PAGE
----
South Korea’s top court on Thursday ruled in favor of a university in a suit involving the use of the name “Ewha” by a local business.
The Supreme Court upheld the original ruling for the plaintiff in the suit filed by Ewha Womans University in 2010 against a man who operates a production company named Ewha Media.
In the ruling, the owner of the production company, surnamed Moon, was ordered to stop using the name “Ewha” on a building sign, advertising materials and blog, and was told to shut down the website ewha.com.
The court said that the word “Ewha” could not be used without proper permission, referencing survey results from 2004, which showed that 74 percent of respondents tended to associate the word “Ewha” with the school, as well as the school’s history of almost 85 years.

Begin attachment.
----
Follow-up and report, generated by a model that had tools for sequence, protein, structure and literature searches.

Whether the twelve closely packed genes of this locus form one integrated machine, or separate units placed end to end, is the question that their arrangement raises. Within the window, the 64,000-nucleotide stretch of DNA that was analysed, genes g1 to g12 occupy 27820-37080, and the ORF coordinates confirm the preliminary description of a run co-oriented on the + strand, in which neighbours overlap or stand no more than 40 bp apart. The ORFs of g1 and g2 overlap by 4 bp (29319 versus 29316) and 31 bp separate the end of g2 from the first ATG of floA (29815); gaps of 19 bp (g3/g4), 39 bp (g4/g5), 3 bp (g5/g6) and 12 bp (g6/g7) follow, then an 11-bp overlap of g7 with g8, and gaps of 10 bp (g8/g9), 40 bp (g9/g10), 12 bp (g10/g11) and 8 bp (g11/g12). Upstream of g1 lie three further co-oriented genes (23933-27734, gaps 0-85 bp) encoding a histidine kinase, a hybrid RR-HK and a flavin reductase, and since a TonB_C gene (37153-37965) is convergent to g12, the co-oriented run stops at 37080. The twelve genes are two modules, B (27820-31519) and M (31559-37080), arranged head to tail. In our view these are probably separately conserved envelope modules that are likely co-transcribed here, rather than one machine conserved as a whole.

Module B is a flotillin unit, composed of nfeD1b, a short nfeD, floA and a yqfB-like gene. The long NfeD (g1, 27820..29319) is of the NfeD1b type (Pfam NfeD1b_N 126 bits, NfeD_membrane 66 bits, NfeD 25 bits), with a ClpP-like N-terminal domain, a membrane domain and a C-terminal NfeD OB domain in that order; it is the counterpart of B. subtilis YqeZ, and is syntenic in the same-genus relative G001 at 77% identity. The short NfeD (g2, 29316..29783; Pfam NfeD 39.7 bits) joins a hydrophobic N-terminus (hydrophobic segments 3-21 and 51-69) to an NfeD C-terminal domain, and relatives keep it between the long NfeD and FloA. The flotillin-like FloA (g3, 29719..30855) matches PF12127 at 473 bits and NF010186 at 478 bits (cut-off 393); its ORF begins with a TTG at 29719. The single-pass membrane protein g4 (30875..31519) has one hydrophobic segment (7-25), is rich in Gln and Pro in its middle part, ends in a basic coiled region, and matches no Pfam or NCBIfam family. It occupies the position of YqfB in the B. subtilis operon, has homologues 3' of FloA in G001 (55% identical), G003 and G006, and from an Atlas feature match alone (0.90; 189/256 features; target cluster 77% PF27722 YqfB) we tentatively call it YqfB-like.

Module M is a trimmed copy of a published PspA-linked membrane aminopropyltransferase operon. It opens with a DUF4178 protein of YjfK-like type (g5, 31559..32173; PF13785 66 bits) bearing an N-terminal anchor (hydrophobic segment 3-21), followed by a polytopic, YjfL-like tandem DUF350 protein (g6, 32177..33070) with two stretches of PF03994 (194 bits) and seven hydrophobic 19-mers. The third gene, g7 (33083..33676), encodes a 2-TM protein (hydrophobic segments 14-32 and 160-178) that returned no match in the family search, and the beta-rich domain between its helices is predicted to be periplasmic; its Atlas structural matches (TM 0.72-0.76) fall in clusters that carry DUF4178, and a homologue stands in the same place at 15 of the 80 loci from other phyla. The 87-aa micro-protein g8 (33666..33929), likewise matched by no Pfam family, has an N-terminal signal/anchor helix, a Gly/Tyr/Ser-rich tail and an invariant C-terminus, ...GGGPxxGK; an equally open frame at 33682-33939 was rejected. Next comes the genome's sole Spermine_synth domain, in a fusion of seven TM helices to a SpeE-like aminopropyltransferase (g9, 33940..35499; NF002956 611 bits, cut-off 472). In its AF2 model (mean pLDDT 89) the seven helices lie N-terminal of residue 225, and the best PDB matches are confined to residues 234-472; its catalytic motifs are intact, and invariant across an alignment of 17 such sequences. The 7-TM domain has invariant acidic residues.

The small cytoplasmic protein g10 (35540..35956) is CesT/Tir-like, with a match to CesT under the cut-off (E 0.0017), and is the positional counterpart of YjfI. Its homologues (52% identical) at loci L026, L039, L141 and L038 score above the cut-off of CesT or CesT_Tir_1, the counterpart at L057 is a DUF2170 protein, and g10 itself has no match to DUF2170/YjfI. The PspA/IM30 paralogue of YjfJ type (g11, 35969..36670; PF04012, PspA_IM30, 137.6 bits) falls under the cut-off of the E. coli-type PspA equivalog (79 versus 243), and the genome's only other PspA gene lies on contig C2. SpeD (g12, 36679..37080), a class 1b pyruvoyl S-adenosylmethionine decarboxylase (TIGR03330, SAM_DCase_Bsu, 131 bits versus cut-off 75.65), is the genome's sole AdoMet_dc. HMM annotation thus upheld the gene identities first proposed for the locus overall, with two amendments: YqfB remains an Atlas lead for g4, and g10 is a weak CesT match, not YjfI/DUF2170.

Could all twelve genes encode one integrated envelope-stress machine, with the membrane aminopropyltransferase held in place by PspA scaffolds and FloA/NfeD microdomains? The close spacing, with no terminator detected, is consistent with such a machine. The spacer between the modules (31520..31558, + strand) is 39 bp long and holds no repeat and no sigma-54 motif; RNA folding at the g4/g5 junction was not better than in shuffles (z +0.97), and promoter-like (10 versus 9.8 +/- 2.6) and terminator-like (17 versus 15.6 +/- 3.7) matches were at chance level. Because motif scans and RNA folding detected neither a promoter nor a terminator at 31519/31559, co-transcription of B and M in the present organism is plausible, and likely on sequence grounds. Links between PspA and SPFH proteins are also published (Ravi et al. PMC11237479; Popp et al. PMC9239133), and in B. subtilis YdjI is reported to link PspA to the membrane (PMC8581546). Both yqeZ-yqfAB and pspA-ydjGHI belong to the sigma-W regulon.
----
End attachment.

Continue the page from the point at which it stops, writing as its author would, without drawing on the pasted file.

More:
The court also said that the university holds various performances and provides its performance halls to the public, which Ewha Media also does near the university.
“This could be seen as an act of unfair competition as an average consumer could confuse Ewha Womans University’s facilities and businesses with Moon’s,” the court said.
The production company claimed that the word “Ewha” is a regular noun and refers to a type of flower. It also refuted the claims that the school’s use of the name is considered unfair competition, as the performance and recording industries are separate from the education industry.
By Suh Ye-seul (firstname.lastname@example.org)